When it comes to tourism, there’s a chance that you may have not heard of Kedah in Malaysia. That’s because Langkawi, the most well-known destination in this state, often gets equated to Kedah itself. Indeed, most of the tourism efforts in the state is concentrated on the island. With its beautiful beaches, lush green forests, and not to mention its geoforest park with river estuaries teeming with wildlife, Langkawi is indeed quite a paradise.
However, you shouldn’t dismiss the Kedah mainland as a travel destination. Being one of the largest and most populated states in Malaysia, Kedah is definitely very tourist-friendly. It’s very easy to find accommodations in the area like Millenium Maison Home, matching all kinds of budgets and travelling styles. Moreover, there are several points of interest that will surely capture your attention. Here are just a few of them.
Bujang Valley Archaeological Museum
This museum is the only one in Malaysia with a display of artefacts from an ancient civilisation that existed around the 3rd to 14th centuries. The antiquities were dug from various sites around Bujang Valley. Not only do they prove the existence of thriving trade, but also of the development of the Hindu and Buddhist religions in this part of Southeast Asia. The original structure was meant for archaeological research and excavation, although it was also used as a centre for proto-historical artefacts. The museum was officially opened in 1980 by Abdul Halim of Kedah.
Pantai Merdeka, mainland Kedah’s only sand beach, is a great place for picnics. It’s especially popular for harvesting a variety of seafood, like clams, snails, and other kinds of shellfish. There are also plenty of stalls along the beach, selling food, souvenir items, and toys. Pantai Merdeka is especially popular with the locals, so do note that it gets packed on weekends and during school and public holidays.
Gunung Jerai or Mount Jerai used to be known as Kedah Peak. This limestone mountain stands at 3,854 feet, looking particularly impressive as it towers over the surrounding flatlands. According to legends, Gunung Jerai used to be an island and the land around the mountain used to be the seafloor. When the water receded, the “peak” was left exposed and became what is now Gurung Jerai. The peak was once a navigational point for traders and was also considered as a sacred place by ancient Hindu-Buddhists. It was dotted from foot to summit with various temples and stupas, where the faithful prayed for the safety of Bujang Valley.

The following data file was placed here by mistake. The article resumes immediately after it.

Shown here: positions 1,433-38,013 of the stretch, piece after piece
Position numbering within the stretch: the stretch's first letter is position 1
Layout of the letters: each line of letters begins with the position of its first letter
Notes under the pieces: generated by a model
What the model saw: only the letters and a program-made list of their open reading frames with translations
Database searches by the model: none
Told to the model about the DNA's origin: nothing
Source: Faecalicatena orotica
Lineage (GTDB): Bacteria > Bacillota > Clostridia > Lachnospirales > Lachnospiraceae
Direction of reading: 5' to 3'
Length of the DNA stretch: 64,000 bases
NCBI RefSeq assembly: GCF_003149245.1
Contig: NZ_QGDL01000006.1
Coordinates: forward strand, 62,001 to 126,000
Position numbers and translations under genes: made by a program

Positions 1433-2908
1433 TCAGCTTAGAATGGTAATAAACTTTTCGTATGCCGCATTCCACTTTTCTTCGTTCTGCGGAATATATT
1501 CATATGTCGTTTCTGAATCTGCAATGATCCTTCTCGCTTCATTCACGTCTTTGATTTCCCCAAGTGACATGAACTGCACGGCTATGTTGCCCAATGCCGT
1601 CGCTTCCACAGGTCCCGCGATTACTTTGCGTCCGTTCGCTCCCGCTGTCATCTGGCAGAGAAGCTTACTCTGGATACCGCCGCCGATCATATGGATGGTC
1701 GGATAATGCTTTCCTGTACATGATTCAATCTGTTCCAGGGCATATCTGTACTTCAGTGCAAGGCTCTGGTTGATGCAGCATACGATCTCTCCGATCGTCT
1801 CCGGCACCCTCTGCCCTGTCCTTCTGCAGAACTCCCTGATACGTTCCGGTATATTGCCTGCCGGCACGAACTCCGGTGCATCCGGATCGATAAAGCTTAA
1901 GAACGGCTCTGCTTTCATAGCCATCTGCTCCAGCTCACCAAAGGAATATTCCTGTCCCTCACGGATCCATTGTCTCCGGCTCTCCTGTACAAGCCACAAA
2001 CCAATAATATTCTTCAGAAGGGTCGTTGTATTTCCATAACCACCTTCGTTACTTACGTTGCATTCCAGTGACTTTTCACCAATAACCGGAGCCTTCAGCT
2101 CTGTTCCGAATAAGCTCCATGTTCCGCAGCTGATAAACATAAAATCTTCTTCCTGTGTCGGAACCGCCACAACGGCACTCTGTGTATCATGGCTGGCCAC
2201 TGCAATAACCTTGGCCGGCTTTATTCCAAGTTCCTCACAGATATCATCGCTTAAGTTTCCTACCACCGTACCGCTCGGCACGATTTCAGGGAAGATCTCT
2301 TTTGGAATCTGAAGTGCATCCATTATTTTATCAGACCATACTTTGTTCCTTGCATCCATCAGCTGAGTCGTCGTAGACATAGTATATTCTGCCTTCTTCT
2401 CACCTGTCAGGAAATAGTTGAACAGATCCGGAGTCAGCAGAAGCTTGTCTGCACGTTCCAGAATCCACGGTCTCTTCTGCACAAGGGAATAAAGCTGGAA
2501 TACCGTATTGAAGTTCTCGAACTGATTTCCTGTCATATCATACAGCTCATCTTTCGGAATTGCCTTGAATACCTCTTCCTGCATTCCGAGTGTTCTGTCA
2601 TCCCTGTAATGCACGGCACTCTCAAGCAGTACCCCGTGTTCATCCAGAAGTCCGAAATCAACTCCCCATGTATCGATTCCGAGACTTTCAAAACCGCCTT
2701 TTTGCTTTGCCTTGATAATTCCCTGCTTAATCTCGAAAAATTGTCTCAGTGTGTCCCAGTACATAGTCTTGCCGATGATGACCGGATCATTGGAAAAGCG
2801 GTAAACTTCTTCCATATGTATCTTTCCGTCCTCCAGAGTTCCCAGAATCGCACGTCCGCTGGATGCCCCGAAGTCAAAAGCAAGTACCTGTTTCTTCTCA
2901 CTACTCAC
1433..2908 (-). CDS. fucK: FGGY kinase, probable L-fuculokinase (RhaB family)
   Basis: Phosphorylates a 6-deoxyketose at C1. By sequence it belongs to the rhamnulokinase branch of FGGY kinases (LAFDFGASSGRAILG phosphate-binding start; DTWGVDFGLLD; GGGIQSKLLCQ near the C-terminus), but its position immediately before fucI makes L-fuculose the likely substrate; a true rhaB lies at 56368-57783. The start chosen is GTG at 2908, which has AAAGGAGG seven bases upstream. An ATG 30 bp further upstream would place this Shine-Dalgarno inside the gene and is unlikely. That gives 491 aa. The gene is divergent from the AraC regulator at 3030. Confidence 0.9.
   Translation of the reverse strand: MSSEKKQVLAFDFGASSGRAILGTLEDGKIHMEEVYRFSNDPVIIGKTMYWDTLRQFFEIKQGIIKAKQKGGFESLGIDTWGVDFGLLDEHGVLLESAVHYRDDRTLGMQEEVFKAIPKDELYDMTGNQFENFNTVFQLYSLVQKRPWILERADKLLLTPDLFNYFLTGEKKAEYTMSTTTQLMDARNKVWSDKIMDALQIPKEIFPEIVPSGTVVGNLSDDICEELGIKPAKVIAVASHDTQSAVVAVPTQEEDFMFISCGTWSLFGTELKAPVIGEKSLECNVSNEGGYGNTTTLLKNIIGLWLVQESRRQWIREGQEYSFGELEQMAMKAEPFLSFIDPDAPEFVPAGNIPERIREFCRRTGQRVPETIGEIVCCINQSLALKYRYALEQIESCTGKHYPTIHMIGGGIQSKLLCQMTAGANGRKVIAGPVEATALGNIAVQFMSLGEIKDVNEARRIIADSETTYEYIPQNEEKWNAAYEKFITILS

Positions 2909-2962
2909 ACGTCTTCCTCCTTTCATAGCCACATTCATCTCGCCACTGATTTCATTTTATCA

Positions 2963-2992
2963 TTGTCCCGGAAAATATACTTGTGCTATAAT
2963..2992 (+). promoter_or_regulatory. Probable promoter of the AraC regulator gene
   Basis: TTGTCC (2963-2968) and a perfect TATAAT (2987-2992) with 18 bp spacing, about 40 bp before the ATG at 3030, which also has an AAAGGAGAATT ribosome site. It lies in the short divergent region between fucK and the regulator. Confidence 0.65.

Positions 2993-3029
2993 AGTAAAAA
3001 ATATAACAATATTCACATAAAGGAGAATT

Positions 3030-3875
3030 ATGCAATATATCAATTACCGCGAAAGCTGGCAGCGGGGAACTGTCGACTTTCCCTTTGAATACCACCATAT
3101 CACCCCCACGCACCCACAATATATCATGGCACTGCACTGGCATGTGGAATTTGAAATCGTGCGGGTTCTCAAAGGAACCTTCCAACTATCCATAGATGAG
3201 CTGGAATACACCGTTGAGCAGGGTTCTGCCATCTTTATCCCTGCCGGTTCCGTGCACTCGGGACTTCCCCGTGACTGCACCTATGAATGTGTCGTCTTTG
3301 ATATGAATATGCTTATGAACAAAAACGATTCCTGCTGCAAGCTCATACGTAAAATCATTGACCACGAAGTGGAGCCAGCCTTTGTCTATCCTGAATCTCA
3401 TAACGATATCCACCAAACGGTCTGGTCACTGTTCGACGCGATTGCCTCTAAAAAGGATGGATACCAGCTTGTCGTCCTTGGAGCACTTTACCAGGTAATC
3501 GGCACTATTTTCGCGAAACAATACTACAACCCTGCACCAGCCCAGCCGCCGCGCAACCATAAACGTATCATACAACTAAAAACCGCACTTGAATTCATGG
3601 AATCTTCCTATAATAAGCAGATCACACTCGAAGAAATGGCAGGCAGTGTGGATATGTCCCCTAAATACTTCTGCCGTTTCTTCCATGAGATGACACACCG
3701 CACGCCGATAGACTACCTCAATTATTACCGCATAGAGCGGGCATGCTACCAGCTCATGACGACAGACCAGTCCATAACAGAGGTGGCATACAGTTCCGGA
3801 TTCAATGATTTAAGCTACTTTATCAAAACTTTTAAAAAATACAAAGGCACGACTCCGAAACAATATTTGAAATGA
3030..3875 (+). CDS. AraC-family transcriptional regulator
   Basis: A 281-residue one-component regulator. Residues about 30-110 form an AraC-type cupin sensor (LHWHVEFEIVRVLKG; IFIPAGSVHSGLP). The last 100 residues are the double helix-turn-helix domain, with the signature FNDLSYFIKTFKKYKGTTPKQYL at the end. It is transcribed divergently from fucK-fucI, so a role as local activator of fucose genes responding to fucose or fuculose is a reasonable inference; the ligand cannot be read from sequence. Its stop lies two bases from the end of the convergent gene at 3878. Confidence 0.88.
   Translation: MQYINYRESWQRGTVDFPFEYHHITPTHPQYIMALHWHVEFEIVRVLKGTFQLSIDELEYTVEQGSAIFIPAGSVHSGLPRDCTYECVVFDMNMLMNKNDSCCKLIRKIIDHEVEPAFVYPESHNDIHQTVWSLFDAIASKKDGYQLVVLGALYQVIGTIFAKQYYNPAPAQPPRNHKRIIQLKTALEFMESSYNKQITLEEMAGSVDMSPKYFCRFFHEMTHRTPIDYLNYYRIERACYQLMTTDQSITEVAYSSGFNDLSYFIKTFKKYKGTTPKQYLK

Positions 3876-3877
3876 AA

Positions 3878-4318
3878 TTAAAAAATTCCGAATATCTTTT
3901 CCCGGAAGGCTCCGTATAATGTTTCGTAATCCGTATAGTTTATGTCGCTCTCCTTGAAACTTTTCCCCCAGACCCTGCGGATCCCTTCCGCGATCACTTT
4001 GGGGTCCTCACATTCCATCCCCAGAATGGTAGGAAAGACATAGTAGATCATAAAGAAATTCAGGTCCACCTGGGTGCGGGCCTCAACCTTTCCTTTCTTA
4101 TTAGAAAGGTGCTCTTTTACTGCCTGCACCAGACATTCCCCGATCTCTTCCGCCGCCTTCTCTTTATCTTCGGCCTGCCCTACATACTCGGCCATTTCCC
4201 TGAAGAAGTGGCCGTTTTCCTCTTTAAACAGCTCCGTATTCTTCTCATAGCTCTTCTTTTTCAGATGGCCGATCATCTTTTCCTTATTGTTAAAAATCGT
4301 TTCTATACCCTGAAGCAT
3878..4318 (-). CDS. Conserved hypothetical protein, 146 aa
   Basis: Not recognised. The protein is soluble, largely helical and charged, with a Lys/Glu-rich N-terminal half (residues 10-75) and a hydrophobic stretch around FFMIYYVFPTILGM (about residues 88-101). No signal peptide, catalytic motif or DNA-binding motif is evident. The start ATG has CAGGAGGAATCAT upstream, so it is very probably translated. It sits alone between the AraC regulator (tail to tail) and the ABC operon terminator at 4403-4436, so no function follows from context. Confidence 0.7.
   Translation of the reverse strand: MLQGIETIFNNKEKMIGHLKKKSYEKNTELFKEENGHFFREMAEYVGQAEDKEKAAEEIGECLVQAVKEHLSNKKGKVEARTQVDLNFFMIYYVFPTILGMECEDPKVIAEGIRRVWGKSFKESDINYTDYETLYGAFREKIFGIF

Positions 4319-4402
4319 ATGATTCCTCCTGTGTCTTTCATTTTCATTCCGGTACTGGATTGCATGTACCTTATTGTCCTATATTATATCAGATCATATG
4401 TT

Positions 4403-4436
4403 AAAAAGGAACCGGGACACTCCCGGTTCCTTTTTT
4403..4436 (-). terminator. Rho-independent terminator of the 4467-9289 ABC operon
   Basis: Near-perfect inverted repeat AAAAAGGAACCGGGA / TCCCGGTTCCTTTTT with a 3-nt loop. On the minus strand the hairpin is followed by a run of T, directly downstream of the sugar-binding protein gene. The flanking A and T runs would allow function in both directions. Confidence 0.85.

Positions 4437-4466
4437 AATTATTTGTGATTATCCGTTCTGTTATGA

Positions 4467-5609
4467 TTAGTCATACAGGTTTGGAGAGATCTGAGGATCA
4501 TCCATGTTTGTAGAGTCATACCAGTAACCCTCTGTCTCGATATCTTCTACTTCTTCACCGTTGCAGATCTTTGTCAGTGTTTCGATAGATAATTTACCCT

Rice is one of the world’s most important crops, and Muzium Padi or the Kedah Rice Paddy Museum will help you appreciate this otherwise humble grass even more. With about 12,000 square metres of space, Muzium Padi showcases varieties of rice and the process of rice cultivation in various countries through the ages. There are also exhibits of ancient and modern tools used in planting and harvesting rice. On the museum’s third flood is a revolving platform, where you can view 360-degree murals and dioramas. The murals are painted on the inside wall of the upper level and was a collaborative work of 60 artists. Muzium Padi is the first paddy museum in Malaysia, and only the fourth in the world along with museums in Germany, Japan, and the Philippines.
Bukit Hijau Recreational Forest
If you’re new to mountaineering and trekking, one of the best places to visit in Kedah is Bukit Hijau Recreational Forest. It’s located in Gunung Inas Virgin Forest Reserve in Baling District. The summit is only about 200 metres above sea level but nonetheless gives hikers a gorgeous view of Paya Terubong Valley and Penang Hill. Meanwhile, the forest features a fast-flowing stream, ending in water cascades and waterfalls with clear pools for swimming.
Ulu Legong Hot Springs
For those looking for a bit of relaxation, Ulu Legong Hot Spring Recreational Centre might be the Kedah destination for you. The place is open 24 hours, which means you can get a therapeutic soak at any time you want. People with skin problems also love Ulu Legong Hot Springs since the hot water has a high sulphuric content. There are a total of five hot spring pools in Ulu Legong, three of which are considered “main pools” with different levels of water warmth. The other two are for babies/children and for ladies. There aren’t many accommodations in the immediate area, however, so you’ll have to book a homestay a little farther out. Make sure to check for tour packages that include trekking, cultural shows, and visits to local villages.
These six destinations and activities are only a glimpse of Kedah’s wealth of cultural, historical, and natural wonders. So the next time you’re planning a vacation in Malaysia, why not consider these destinations in Kedah? They aren’t an island with pristine beaches like Langkawi, but they’re certainly beautiful and interesting in their own way!